Amazon is adding a mental health benefit for all its U.S. employees, the retail giant said this week, providing free counseling, 24-hour crisis support lines, a mental health app and more as stress among its workers soars during COVID-19.
The benefit, called Resources for Living, is available for all 950,000 U.S. Amazon employees, as well as their families, and provides them a “single place to start for personalized, convenient, and confidential support for mental health and daily life assistance,” Amazon says. The benefit offers in-person, phone, video and text methods for counseling sessions, covering three free counseling sessions per person, per topic.
“Easy and affordable access to mental healthcare has become increasingly important as we all continue to navigate different everyday challenges,” says Beth Galetti, Amazon senior vice president of people experience and technology. “Providing access to—and awareness around—mental healthcare is a critical responsibility for employers. This new offering will help us remove barriers and unnecessary stigma around getting help, to ensure our employees and their families feel safe and supported.”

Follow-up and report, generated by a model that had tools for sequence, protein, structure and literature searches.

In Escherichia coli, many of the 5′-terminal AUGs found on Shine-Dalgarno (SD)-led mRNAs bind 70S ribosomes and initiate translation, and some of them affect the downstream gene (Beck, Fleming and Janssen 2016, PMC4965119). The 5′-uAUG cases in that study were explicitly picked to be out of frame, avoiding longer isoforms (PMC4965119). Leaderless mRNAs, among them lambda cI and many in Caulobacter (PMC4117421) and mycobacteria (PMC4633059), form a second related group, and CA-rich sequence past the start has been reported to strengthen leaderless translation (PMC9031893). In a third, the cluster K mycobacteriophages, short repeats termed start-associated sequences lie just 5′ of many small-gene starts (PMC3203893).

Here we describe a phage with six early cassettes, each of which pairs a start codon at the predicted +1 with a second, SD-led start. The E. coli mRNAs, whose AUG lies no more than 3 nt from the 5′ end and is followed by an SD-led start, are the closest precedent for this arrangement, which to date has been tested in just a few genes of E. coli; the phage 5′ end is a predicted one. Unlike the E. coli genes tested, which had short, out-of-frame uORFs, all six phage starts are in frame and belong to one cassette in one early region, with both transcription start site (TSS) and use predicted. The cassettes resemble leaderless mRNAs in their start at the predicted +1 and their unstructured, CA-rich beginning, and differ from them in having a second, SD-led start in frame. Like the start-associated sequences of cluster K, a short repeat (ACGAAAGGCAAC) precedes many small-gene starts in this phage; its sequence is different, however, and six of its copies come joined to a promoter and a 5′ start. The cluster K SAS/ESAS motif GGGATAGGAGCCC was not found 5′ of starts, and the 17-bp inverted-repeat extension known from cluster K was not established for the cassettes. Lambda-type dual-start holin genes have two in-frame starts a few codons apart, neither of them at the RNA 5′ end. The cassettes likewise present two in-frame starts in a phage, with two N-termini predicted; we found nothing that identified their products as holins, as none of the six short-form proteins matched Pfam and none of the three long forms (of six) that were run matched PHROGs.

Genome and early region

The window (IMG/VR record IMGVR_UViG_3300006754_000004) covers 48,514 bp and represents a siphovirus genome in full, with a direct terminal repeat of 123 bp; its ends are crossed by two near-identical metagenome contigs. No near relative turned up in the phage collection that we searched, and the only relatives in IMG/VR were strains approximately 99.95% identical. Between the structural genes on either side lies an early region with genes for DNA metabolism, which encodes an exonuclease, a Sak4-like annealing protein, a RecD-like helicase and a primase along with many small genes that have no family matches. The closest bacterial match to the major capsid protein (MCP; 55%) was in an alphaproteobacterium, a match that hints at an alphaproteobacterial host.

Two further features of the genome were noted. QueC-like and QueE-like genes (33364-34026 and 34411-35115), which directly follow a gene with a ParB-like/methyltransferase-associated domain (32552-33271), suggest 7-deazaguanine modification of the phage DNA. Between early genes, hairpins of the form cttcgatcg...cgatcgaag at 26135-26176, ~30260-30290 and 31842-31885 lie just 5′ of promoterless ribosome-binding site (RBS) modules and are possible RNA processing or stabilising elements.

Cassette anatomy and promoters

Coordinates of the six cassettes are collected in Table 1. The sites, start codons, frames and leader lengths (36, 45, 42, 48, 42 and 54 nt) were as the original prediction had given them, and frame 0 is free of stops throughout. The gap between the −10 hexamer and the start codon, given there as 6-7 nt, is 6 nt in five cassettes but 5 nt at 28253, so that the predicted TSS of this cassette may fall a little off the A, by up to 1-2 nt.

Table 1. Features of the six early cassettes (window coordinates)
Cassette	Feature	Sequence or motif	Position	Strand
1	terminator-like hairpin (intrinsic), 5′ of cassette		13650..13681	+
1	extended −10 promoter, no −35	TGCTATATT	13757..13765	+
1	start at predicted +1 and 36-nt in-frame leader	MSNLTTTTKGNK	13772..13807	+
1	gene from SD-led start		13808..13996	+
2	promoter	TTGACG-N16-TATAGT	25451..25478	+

The announcement comes as mental health numbers across the country remain high a year into the pandemic. Although the availability of COVID-19 vaccines is easing some concerns and resulting in declining rates of infections, rates of employee anxiety and depression are still high compared to pre-pandemic levels, and rates of burnout and stress are soaring. More than 26 million adults went untreated for mental health concerns in the United States in 2020, according to the nonprofit Mental Health America.
A number of employers have added benefits to help workers over the past year, but the move from Amazon—as one of the largest employers in the U.S.—is particularly significant.
“It is critically important that employers like Amazon evaluate and expand their programs and put a more significant focus on the mental health and mental wellbeing of their employees, especially as we continue to navigate through the COVID-19 pandemic and begin to re-enter the workplace,” says Danie Gillison Jr., CEO of the National Alliance on Mental Illness. “Employers bear a responsibility to ensure access to and provide adequate mental health services to their employees. It is good for their workers and it is good for business.”
Experts say employers must remain committed to providing mental health help, as issues were already present before the pandemic and will continue long after it.
“We all know mental health has been an issue; the pandemic just completely ripped the Band-Aid off and made this front and center for employers,” Colleen McHugh, executive vice president of the American Health Policy Institute, said earlier this month at HRE’s Health & Benefits Leadership Conference. Employers need to continue their efforts to provide the right help, benefits and dialogue, she said. “We need to be real and make sure we’re putting [employees’] health first and talk about it.”